Center for American Progress

RELEASE: Five Years After Oil and Gas Debacle in Utah, the Bureau of Land Management Is at a Turning Point
Press Release

RELEASE: Five Years After Oil and Gas Debacle in Utah, the Bureau of Land Management Is at a Turning Point

Washington, D.C. — Five years ago this week, a controversial decision by the Bush administration to lease lands near national parks in Utah for oil and gas drilling sparked a firestorm of public opposition and prompted the incoming Obama administration to undertake an aggressive agenda to clean up and reform the Bureau of Land Management’s, or BLM’s, oil and gas leasing program.

A new report released today by the Center for American Progress presents new public opinion research that provides greater detail on Americans’ current priorities for their public lands and helps explain why the Utah leasing debacle in 2008 provoked such an outcry. This innovative study is one of the first to compare voters’ priorities for their public lands across the country, not just in the West. In particular, the research—conducted by Hart Research Associates through interviews with more than 1,000 voters across the country—found that Americans now overwhelmingly value conservation and recreation on public lands above other uses.

“Two pillars define what is at stake for public lands for voters across the country: permanently protecting public lands for future generations and ensuring access to recreational activities,” the researchers from Hart concluded. These priorities were most strongly felt in the West, where 74 percent of voters say that the permanent protection of public lands is very important to them and 65 percent say that ensuring recreational access is very important. In contrast, only 27 percent of voters nationally say that ensuring that public lands are available to oil and gas development is a high priority.

The report from the Center for American Progress also finds that the Obama administration’s oil and gas leasing reforms will reach their most critical milestones yet in 2014. The brief identifies the following six areas to watch, which together will demonstrate the extent to which these reforms will result in meaningful and lasting changes in priorities, values, and decision making within the BLM, the nation’s largest land-management agency:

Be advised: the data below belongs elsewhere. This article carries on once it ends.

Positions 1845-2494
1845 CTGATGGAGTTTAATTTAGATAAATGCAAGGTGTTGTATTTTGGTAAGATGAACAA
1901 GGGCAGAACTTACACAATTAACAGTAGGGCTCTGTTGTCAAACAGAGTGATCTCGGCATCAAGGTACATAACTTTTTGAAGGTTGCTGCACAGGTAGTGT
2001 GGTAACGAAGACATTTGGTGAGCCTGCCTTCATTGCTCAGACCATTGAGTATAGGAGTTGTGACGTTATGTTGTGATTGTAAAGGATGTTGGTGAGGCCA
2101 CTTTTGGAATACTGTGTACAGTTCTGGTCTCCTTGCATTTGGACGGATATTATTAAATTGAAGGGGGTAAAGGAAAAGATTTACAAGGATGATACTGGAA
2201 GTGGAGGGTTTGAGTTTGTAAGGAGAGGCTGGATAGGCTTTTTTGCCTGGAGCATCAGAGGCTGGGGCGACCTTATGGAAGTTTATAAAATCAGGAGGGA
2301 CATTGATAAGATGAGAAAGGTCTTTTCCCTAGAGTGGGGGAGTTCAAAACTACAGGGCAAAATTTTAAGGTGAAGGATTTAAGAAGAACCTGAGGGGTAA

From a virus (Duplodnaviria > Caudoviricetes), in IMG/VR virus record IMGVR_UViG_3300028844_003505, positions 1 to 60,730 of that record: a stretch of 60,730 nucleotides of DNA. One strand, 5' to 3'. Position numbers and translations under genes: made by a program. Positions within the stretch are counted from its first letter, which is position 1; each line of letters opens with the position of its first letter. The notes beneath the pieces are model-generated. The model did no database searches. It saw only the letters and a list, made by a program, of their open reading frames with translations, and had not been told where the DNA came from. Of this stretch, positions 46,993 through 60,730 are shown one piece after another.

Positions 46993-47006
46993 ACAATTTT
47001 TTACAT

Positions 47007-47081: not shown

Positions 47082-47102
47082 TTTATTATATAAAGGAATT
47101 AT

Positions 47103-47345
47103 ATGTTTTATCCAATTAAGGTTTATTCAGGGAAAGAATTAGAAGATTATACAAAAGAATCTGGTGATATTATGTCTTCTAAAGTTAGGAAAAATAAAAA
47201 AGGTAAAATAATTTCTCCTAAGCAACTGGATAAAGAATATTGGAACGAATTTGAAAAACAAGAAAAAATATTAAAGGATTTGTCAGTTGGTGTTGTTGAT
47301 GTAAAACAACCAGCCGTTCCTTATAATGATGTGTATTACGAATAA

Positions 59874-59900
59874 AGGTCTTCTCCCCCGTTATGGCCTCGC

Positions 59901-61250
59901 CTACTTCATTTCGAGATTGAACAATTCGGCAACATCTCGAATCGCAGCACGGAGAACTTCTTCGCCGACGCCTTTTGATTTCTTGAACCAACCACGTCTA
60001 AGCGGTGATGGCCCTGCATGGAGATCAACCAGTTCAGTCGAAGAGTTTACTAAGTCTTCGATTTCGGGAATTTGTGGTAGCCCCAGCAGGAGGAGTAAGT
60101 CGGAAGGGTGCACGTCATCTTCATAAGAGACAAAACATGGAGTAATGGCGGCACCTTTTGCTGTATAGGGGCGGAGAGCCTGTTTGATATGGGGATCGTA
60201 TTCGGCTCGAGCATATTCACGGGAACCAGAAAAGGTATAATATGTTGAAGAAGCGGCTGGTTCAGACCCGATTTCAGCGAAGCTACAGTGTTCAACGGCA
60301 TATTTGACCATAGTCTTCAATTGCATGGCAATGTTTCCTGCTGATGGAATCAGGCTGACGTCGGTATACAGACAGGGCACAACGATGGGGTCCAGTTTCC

• The creation of Master Leasing Plans to guide drilling to the right places
  • The revision of Resource Management Plans on 140 million acres of public land
  • The progress of environmental protection rules for oil and gas extraction
  • The development of a strong new policy to mitigate the impacts of oil and gas drilling
  • The restoration of balance between oil and gas leasing and the permanent protection of public lands
  • The protection of sage brush habitat to alleviate drilling impacts on wildlife

“The 2008 oil and gas debacle in Utah showed that the old system of leasing first and looking later was bad for everyone: It fueled conflict, uncertainty, and poor decisions,” said Matt Lee-Ashley, Senior Fellow at the Center for American Progress and co-author of the analysis. “If the Obama administration and the BLM put the public’s priorities for public lands front and center in 2014, it will complete a remarkable turnaround for the agency and mark a signature achievement for the president’s reform agenda.”

The public opinion research released today was part of a survey that also assessed the public’s views of the government shutdown and of ongoing budget cuts to national parks and public lands. Earlier this year, CAP also commissioned a study of public opinion in the West on energy and public lands issues in the region.

Read the analysis: A Turning Point for the Bureau of Land Management by Matt Lee-Ashley and Jessica Goad

Related resources:

For more information, contact Anne Shoup at [email protected] or 202.481.7146.